Doing research is a key element of learning: undergraduate research

Doing research is a key element of learning: undergraduate research
can transform the sector
Alan Jenkins
Published: 23 February 2007
Times Higher Education Supplement
Talk of education for a know ledge economy is hollow if students take no part in scholarly
inquiry, argues Alan Jenkins.
In the frenzied discussions aboutwhether the research assessment exercise should be
replaced or complemented by metrics after 2008, one thing remains constant: the
importance of students and academics learning in a research envir onment has been
totally ignored.
Internationally, there is mounting evidence of the potential benefits of such an approach.
If the concept of a "knowledge economy" has any validity, then the growing number of
undergraduates are the very people who need to learn to work and live amid university
research. To an extent, the Government has adopted these perspectiv es and moved
away from the 2003 White Paper w ith all its talk of "teaching-only " institutions.
Speaking at a conference on undergraduate research at Warwick University in October
last year, Bill Rammell, the Minister for Higher Education, stated:
"We want all students to access the benefits exposure to teaching informed by research
can bring... We believe an understanding of the research process - asking the right
questions in the rightway, conducting experiments and collating and evaluating
information - must be a key part of any undergraduate curriculum."
Yet it is also clear thatwhatever benefits the RAE might have brought to the organis ation
of research, studies by Ian McNay and others have shown that the exercis e has als o led
institutions to devalue teaching.
Structurally, there has been a growing separation between university research and
student learning. Student leaders in a number of institutions are angered by the limited
contact many undergraduates havewith academics, who instead are preoccupied with
RAE-focusedwork. And if some vice-chancellors and, perhaps, ministers have their way,
students, their parents and wider society w ill soon have to pay even higher fees for this
degraded experience.
But recent events in the US suggestways forward for the UK, with or without metrics. In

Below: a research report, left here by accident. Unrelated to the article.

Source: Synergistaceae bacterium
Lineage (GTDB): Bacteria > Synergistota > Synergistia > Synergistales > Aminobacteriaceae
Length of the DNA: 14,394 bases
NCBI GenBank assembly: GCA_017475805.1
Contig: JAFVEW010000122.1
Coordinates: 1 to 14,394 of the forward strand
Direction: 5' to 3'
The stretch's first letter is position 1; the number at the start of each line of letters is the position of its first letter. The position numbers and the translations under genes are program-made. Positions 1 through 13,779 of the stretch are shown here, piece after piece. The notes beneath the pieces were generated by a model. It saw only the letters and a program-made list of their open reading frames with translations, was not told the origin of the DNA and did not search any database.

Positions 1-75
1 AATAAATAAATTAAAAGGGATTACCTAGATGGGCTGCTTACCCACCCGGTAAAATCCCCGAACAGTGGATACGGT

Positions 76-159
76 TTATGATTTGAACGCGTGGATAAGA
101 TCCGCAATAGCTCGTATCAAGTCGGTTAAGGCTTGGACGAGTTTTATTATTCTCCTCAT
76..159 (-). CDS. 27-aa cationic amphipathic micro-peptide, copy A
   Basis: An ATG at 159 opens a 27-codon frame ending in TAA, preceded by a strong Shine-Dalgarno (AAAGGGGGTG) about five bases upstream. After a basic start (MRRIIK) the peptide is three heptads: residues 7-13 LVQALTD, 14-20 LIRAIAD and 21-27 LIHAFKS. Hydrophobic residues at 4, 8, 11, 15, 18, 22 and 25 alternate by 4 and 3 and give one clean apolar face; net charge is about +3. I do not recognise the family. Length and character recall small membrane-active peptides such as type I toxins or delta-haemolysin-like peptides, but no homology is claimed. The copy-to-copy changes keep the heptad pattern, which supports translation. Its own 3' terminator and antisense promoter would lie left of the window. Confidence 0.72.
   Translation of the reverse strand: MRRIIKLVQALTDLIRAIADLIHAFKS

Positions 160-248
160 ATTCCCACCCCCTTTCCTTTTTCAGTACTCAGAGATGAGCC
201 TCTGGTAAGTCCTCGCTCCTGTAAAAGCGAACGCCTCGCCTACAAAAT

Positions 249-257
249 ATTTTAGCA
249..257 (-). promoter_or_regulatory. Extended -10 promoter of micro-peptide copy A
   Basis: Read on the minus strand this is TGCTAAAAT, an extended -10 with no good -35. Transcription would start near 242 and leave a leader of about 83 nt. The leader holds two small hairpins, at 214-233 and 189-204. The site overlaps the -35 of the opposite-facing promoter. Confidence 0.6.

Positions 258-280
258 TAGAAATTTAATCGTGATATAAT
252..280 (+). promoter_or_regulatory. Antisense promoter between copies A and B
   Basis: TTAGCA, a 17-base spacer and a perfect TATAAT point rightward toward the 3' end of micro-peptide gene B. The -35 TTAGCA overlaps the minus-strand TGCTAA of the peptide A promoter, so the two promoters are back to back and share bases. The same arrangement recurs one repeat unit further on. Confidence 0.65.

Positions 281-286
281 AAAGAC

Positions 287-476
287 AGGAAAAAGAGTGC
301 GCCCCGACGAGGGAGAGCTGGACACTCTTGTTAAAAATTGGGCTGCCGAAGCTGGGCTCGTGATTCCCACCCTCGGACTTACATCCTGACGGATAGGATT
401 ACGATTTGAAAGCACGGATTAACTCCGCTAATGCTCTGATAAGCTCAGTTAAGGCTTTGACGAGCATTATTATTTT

2000, the National Science Foundation stated that one of its three core funding strategies
would focus on the effective integration of teaching and research. Thus, major grants
have as one of their key criteria the effectiveness of research dis semination.
Some US funding streams are now targeted specific ally to support undergraduate
students (and staff) as researchers in institutions outside the research elite. Some recent
funding has been directed to this sort of activ ity in the community colleges where some
50 per cent of undergraduates are now educated. Metric s such as the National Survey of
Student Engagement rate institutions on the extent to whic h undergraduates are involved
in research, including work that benefits local communities.
These principles could be adapted to post-2008 research and teaching policies. The RAE
could be modif ied to require departments to demonstrate how students and wider society
benefit from department research. Metrics could reward institutions and departments for
producing refereed public ations focused on teaching. The Higher Education Funding
Council for England's £25 million research-informed teaching fund could be expanded
signific antly after 2008 to support mainstream staff and students learning in research
environments across the country, perhaps through supporting US-style institutional
undergraduate research schemes.
National survey data could be developed to measure and reward institutions and
departments that bring students into the worlds of research. Work that supports local
communities could be partic ularly rewarded. Institutions and departments could be
required to provide evidence, in part through metrics, that they support staff who
effectiv ely link their teaching and research.
So let's start thinking aboutwhat happens after 2008 by stating a set of core educational
principles and values. That should mean valuing student and staff learning through
research and directing high-level research, at least in part, to its dissemination to wider
society,which should include undergraduates and local communities. Having established
such principles, and only then, will it be time to discuss procedures such as metrics or
modifying RAE methodologies. At present the system is in danger of heedlessly rushing
to solutions without thinking where it needs to go.
Alan Jenkins is a fellow of the Reinvention Centrefor Undergraduate Research at Oxford
Brookes and Warwic k universities, and author,w ith Mick Healey, of Institutional
Strategies to Link Teaching and Research, published by the Higher Education Academy.